Maldives crisis explained

India can either wait and watch or try to put boots on the ground

GN Bureau | February 7, 2018


#Abdulla Yameen   #Maldives   #Maldives Crisis   #Mohamed Nasheed  
Former Maldivian president Mohamed Nasheed
Former Maldivian president Mohamed Nasheed

India is closely monitoring the situation in Maldives which has been plunged into turmoil since February 1.

So, what happened?

President Abdulla Yameen has declared a state of emergency in Maldives, an Indian Ocean archipelago which is a big draw for tourists.

Why did he do so?

The apex court of Maldives overturned terrorism convictions against nine leaders opposed to Yameen. The court ordered those in jail to be freed. Yameen defied the ruling and refused to comply with requests from foreign countries.

On Tuesday, in a televised address, the president said he has declared a state of emergency to investigate what he described as a "coup" against him.

Then, what happened?

Former president Mohamed Nasheed, in a tweet on February 5, sought help from India.

What did Nasheed want?

“1. India to send envoy, backed by its military, to release judges & pol. detainees inc. Prez. Gayoom. We request a physical presence. 2. The US to stop all financial transactions of Maldives regime leaders going through US banks.”

What was India’s reaction?

A day after Nasheed’s plea, India said it was “disturbed” by the emergency imposed in Maldives.

A statement issued by the ministry of external affairs said HYPERLINK http://www.mea.gov.in/press-releases.htm?dtl/29415/Situation+in+Maldives: “We are disturbed by the declaration of a State of Emergency in the Maldives following the refusal of the Government to abide by the unanimous ruling of the full bench of the Supreme Court on 1 February, and also by the suspension of Constitutional rights of the people of Maldives. The arrest of the Supreme Court Chief Justice and political figures are also reasons for concern.”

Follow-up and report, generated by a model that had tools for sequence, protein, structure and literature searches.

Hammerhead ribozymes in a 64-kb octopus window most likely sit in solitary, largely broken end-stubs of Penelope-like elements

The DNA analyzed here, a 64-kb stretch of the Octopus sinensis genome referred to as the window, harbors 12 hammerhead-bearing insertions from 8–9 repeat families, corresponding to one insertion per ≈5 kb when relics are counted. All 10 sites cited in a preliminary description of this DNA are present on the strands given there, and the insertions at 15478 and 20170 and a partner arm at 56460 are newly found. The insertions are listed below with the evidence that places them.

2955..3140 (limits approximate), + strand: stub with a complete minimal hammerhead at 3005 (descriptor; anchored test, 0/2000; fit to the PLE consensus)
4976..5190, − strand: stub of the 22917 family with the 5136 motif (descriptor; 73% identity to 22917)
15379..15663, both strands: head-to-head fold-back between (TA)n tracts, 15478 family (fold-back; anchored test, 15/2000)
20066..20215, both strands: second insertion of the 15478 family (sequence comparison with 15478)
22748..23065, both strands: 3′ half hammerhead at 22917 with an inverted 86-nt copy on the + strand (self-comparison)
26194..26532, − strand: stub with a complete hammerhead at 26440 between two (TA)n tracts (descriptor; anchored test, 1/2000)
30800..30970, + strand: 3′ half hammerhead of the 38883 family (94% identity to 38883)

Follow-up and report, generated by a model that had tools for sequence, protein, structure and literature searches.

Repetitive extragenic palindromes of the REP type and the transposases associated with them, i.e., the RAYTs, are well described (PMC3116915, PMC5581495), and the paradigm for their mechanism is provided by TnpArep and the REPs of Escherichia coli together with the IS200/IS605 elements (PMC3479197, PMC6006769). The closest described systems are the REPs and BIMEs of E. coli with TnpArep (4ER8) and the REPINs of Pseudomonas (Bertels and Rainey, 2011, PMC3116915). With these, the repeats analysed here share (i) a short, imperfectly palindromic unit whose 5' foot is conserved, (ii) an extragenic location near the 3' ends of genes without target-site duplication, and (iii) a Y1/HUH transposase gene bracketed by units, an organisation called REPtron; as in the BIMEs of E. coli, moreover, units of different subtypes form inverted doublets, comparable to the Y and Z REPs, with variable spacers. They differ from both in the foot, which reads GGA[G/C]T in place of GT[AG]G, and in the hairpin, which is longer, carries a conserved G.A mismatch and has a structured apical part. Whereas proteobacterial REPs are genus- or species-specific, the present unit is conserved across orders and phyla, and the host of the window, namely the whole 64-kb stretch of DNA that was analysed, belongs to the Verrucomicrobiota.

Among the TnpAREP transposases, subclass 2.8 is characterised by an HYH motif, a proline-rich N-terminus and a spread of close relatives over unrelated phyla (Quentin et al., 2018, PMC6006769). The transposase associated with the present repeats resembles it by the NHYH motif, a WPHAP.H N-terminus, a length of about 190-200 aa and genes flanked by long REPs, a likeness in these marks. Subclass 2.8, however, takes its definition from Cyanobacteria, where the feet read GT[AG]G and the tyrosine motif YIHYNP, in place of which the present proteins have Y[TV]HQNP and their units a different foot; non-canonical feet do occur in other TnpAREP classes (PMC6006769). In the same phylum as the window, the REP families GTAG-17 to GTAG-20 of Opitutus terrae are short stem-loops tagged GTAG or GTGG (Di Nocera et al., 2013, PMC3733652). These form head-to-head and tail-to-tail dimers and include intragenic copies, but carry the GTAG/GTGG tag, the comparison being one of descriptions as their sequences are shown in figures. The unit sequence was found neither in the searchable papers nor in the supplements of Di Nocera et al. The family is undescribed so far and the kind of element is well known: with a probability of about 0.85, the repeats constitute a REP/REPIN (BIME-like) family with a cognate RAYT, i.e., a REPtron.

What options does New Delhi have?

It can wait and watch or try to put boots on the ground.

Has India intervened in Maldives in the past?

Yes. In 1988 there was an attempt by a group of Maldivians led by Abdullah Luthufi and assisted by armed mercenaries of a Tamil secessionist organisation from Sri Lanka, the People's Liberation Organisation of Tamil Eelam (PLOTE), to overthrow the government in Maldives. The coup  failed due to the intervention of the Indian Army, whose military operations efforts were code-named Operation Cactus.

Comments

 

Other News

Why is Lanka in flames: the making of a crisis

This time it was not Lord Hanuman, but the poor decision-making of the political leaders combined with several global economic factors that set Sri Lanka in flames. A state of emergency was declared in Sri Lanka. This month, after the Prime Minister of Sri Lanka resigned from his post, the

Growing Up as a Multilinguist

Being and Becoming Multilingual: Some Narratives Edited by Rajesh Sachdeva and Rama Kant Agnihotri

Mumbai civil body refutes allegations of scam in tenement scheme

The BrihanMumbai municipal corporation (BMC) has rejected the Congress accusations of financial irregularities worth Rs 8,000 crore—9,000 croe in awarding contracts for getting project-affected people (PAP) tenements on private land.    BMC has said that it implements vital p

Sedition law: Can it have a place in democracy?

Does the concept of sedition have a place in modern democracies? This question became more relevant when the apex court recently put the country`s colonial-era sedition law on abeyance stating that there is a “requirement to balance… security interests and integrity of the State… and th

Not just another Manto anthology

The Collected Stories of Saadat Hasan Manto: Volume 1: Bombay and Poona Translated by Nasreen Rehman Aleph Book Company, 548 pages, Rs 999 There are writers, there are writers’ writers, and then there are readers’ writers. Saadat Hasan Mant

These tribal women may be illiterate but are successful entrepreneurs

Meet Promila Krishna, 39, Lalita Nayak, 40, Parbati Gadba, 42, Sanadei Dhuruwa, 39, and Nabita Barika, 41, of Kundra block in Odisha’s Koraput district. Except for Promila who is a matriculate, others haven’t attended school beyond the elementary level. However, while introducing themselves to

Visionary Talk: Arvind Sawant, Member of Parliament with Kailashnath Adhikari, MD, Governance Now


Archives

Current Issue

Opinion

Facebook    Twitter    Google Plus    Linkedin    Subscribe Newsletter

Twitter